Abdicates to courts to appease police unions?
Democratic Governor Jerry Brown of California has vetoed a bill passed nearly unanimously by his state legislature that bans searches of people's smartphones without a warrant, a surprise decision that is seen as out-of-character for Brown and may have been motivated by monetary support from the state's police unions, Wired is reporting. The veto means that authorities can search any person's smartphone for any reason during an arrest.
Building lacks 'connection to human size'
New Yorker architecture critic Paul Goldberger has written a harsh critique of Apple's forthcoming "spaceship" campus, designed by Foster + Partners. The writer describes the building as a "gigantic donut," and calls it "troubling, maybe even a bit scary," in part because it lacks the functionality of the devices Apple makes. "A building is also a tool, but of a very different sort," Goldberger says. "In architecture, scale -- the size of various parts of a building in proportion to one another and to the size of human beings -- counts for a lot.
Part of preparations for new iPhones
The Chestnut Street Apple Store in San Francisco is temporarily closed and reopening on October 5th, messages posted on the Apple website and on the building itself reveal. The closure is likely related to renovations, given the presence of a black construction facade covering the windows. An AT&T van was today spotted outside of the store, though what if anything technicians were installing is unknown.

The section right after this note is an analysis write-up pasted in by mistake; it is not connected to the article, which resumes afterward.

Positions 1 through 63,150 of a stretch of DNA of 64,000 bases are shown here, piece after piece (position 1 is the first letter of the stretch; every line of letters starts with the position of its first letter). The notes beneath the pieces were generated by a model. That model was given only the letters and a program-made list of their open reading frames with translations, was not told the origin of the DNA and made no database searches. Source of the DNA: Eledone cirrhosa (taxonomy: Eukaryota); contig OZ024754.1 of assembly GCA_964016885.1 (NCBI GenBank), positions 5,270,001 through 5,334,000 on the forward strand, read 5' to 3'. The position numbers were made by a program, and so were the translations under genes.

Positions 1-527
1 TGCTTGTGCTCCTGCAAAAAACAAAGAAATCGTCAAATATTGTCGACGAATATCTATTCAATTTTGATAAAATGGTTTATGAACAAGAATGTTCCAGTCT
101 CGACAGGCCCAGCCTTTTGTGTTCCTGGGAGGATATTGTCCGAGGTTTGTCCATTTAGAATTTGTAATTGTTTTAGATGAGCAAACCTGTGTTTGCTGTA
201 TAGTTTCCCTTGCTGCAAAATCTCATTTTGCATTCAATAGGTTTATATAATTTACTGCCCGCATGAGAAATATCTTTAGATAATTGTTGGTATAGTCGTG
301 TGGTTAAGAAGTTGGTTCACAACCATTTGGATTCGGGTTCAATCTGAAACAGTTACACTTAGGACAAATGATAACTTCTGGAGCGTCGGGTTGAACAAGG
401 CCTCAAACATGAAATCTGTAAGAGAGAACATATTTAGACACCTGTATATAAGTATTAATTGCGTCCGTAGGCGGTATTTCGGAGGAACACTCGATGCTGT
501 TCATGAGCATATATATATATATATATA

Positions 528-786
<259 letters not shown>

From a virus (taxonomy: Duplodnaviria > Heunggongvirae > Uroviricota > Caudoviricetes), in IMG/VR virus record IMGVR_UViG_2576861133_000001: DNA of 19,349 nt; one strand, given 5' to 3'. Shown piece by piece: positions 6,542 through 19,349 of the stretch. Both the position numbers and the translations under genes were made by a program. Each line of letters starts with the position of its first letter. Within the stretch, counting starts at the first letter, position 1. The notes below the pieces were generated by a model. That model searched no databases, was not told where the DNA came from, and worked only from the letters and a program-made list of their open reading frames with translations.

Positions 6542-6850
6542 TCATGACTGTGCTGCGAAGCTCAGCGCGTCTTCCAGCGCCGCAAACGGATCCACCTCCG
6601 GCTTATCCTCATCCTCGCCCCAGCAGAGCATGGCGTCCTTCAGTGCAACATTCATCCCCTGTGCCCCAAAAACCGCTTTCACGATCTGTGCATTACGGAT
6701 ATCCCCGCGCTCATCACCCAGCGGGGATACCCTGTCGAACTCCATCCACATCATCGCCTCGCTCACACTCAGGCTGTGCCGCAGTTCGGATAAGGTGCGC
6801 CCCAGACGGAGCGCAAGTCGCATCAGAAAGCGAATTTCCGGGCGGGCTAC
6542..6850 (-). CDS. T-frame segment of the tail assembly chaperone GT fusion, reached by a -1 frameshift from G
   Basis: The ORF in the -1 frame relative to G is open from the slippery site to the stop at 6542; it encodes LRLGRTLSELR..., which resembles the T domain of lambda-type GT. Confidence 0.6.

Area residents worry about traffic, overpopulation
Apple's new Cupertino campus may not have a completely smooth path towards approval, the results of a local public consultation suggest. The meeting was hosted by Cupertino mayor Gilbert Wong, who himself claims that the new complex is "definitely not a done deal," since it has to undergo a "public process." Many people at the meeting also expressed worries connected to the scale of Apple's ambitions.
City approves without discussion or naming Apple